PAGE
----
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Oklahoma Rep. James Lankford criticizes administration after emails emerge about Libya attack

Rep. Lankford says newly released emails suggest senior officials misled the public about the attack, but the administration says emails did not have verified information and facts are still being gathered.
by Chris Casteel Published: October 25, 2012

— Rep. James Lankford criticized the Obama administration again Wednesday over its public statements shortly after the Sept. 11 attack on the U.S. consulate in Libya, suggesting senior officials deliberately told misleading stories.

Lankford, R-Oklahoma City, said recently released emails show the administration knew the night of the attack that a militant Libyan group claimed credit on Facebook for killing a U.S. ambassador and three other American diplomats.

“We keep getting more evidence that senior officials in the State Department and White House had access to the real-time facts on the ground and yet reported several different stories to the American people,” Lankford said in a statement.

“Which senior official was in charge of telling the American people the truth? It is now apparent that the first report of a terrorist attack in Benghazi was later changed by someone before it was reported to the American people.”

Days after the attack, White House press secretary Jay Carney and Ambassador Susan Rice were still suggesting the attack that killed Ambassador Chris Stevens and three others resulted from a protest over an anti-Islam video, Lankford said.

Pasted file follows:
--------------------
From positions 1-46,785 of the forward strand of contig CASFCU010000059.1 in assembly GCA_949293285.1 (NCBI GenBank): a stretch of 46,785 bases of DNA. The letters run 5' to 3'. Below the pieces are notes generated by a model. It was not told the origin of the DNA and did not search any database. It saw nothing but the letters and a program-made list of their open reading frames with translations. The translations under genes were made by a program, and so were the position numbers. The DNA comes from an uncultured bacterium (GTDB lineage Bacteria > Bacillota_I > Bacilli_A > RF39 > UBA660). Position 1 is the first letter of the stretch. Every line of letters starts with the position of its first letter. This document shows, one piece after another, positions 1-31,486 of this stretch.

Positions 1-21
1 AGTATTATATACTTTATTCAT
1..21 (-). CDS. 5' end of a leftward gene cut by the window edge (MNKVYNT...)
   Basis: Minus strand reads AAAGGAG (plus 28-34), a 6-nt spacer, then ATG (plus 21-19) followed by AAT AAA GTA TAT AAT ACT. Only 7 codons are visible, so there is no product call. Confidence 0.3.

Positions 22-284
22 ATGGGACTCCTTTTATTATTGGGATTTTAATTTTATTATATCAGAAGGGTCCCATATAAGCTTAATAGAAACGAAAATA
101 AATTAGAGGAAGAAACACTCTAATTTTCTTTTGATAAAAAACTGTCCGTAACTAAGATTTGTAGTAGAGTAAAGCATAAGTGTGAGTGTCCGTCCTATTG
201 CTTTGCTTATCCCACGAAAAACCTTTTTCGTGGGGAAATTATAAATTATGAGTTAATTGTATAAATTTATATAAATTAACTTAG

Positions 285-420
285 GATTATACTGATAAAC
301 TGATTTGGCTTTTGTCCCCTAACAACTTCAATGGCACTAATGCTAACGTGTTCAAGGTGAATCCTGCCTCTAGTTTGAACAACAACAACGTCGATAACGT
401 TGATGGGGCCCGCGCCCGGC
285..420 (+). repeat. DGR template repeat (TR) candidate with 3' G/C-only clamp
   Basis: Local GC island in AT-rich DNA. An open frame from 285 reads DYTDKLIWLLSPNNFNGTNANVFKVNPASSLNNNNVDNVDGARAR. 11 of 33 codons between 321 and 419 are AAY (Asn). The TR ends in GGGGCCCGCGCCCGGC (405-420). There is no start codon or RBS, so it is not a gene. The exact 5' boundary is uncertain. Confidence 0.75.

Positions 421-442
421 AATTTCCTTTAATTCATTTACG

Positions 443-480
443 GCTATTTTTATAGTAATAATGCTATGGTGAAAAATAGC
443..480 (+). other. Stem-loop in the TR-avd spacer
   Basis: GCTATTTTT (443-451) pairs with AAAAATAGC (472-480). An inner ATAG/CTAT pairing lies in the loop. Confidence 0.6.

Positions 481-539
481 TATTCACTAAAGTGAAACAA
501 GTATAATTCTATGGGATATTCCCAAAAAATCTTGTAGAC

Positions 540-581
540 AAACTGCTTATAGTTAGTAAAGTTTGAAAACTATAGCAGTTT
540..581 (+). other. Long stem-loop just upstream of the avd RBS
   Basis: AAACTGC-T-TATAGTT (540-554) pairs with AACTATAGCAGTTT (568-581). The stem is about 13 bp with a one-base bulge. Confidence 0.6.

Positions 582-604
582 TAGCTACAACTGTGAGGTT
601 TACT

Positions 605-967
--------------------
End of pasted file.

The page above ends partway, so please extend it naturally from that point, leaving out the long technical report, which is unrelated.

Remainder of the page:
“In times of crisis, we need clarity from our senior officials and the White House, not speculation and misstatements,” Lankford said.

Carney told reporters on Wednesday that the email referenced by Lankford was “an open-source, unclassified email about a posting on a Facebook site. I would also note, I think that within a few hours, that organization itself claimed that it had not been responsible. Neither should be taken as fact. That's why there's an investigation under way.”

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by Chris Casteel
Washington Bureau
Chris Casteel began working for The Oklahoman's Norman bureau in 1982 while a student at the University of Oklahoma. After covering the police beat, federal courts and the state Legislature in Oklahoma City, he moved to Washington in 1990, where...
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